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Victoria Azarenko speaks about tennis and herself

Ms. Azarenko’s success is always in the news but she rarely speaks to journalists herself, except to make brief official comments. However, while recoveing from her recent injury, in Minsk, she happily gave us an interview which lasted over an hour
By Dmitry Komashko

Victoria, before your injury, you enjoyed an impressive run of 15 consecutive victories. Despite this, you’ve lost your place as number one seed. Does this upset you?
My rating is not the most important thing for me; it’s just a pleasant bonus. Victories in matches and tournaments are much more important, especially those in the Grand Slam. By the way, I won’t be absent long, as I’m due to return for a tournament in Madrid; I’m not worried that it’ll be difficult to regain my lost position.

Does friendship exist in professional sport?
None of the other tennis players are my best friend. We are in competition but I am friendly with many of the girls. Masha Kirilenko, Yelena Vesnina and a few others sometimes go to the cinema with me, or we have dinner or just hang out. 

You’re so much in the public eye, being discussed and judged. Does this bother you?
I’ve never thought of myself as a sports celebrity and I firmly believe that it’s important to stay ‘human’. When people approach me in a shop or on the street, telling me that they support me, asking me a question or requesting a photo with me, I never brush them aside. On the other hand, of course, there are limitations. For example, I have to be careful how I present myself on social networks, as I’m a role model to many people. I don’t wish to appear stupid or badly behaved.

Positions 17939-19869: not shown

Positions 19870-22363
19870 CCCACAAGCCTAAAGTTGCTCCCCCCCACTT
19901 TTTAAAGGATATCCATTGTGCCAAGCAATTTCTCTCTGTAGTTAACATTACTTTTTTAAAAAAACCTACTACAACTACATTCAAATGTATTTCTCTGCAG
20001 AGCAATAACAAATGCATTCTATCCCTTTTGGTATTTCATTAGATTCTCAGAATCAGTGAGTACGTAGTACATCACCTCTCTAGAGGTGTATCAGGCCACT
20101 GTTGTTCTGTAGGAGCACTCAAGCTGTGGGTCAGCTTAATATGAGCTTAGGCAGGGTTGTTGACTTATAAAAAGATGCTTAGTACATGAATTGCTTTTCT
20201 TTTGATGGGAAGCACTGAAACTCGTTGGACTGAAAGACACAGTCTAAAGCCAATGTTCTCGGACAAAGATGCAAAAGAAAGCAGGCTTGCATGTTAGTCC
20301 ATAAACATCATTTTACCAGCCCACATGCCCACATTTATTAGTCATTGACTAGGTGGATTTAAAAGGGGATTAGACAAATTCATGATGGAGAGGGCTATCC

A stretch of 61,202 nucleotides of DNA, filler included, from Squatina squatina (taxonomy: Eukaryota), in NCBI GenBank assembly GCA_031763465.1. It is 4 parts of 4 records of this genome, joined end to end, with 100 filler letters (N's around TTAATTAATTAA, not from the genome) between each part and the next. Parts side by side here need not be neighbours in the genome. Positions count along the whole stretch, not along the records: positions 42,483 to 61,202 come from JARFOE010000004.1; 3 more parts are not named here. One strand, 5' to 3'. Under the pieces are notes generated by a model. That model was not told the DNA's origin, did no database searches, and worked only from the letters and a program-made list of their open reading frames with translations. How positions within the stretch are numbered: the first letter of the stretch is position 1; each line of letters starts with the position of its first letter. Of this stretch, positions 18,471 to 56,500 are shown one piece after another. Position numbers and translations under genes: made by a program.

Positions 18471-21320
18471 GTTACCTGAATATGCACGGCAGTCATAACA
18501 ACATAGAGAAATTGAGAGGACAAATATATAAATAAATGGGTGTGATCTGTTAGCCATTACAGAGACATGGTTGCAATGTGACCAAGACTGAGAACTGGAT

Your participation in the Federation Cup caused much discussion. Will you take part again?
I don’t like it when people try to intimate that I’m motivated only by money rather than by a desire to represent my country. Believe me, I always remember who I am and which country I represent. I’ve won two Olympic medals, which was a first for our nation in tennis. Thanks to my victories, lots of people have learnt about our country. As for the Federation Cup, last year, I refused to participate in agreement with other leading tennis players; we were protesting at the International Federation having changed its rules without the agreement of athletes. I intend to always play for the national team; whatever anyone may say about me, I’m a patriot. It’s disrespectful for others to try to make me out to be something I’m not.

How do you view the Belarusian team’s prospects?
It’s hard to say, because I don’t really know the Belarusian players’ abilities, apart from those of Olga Govortsova. I just don’t see them, and it’s hard to judge on one or two matches. Tatiana Puchek was great but I know we lack new young players. On the other hand, I know that Ms. Govortsova can play at the highest level; potentially, our team could do well, even winning the Cup.

You once held a show match with Caroline Wozniacki, in Minsk, and promised to bring other famous players to our capital...
I planned to organise a match last year but failed to find support, which surprised and disappointed me. I still plan to promote tennis in Belarus, using matches to support my Dreaming Heart Foundation Charity Fund, which aims to make sick children’s dreams come true.
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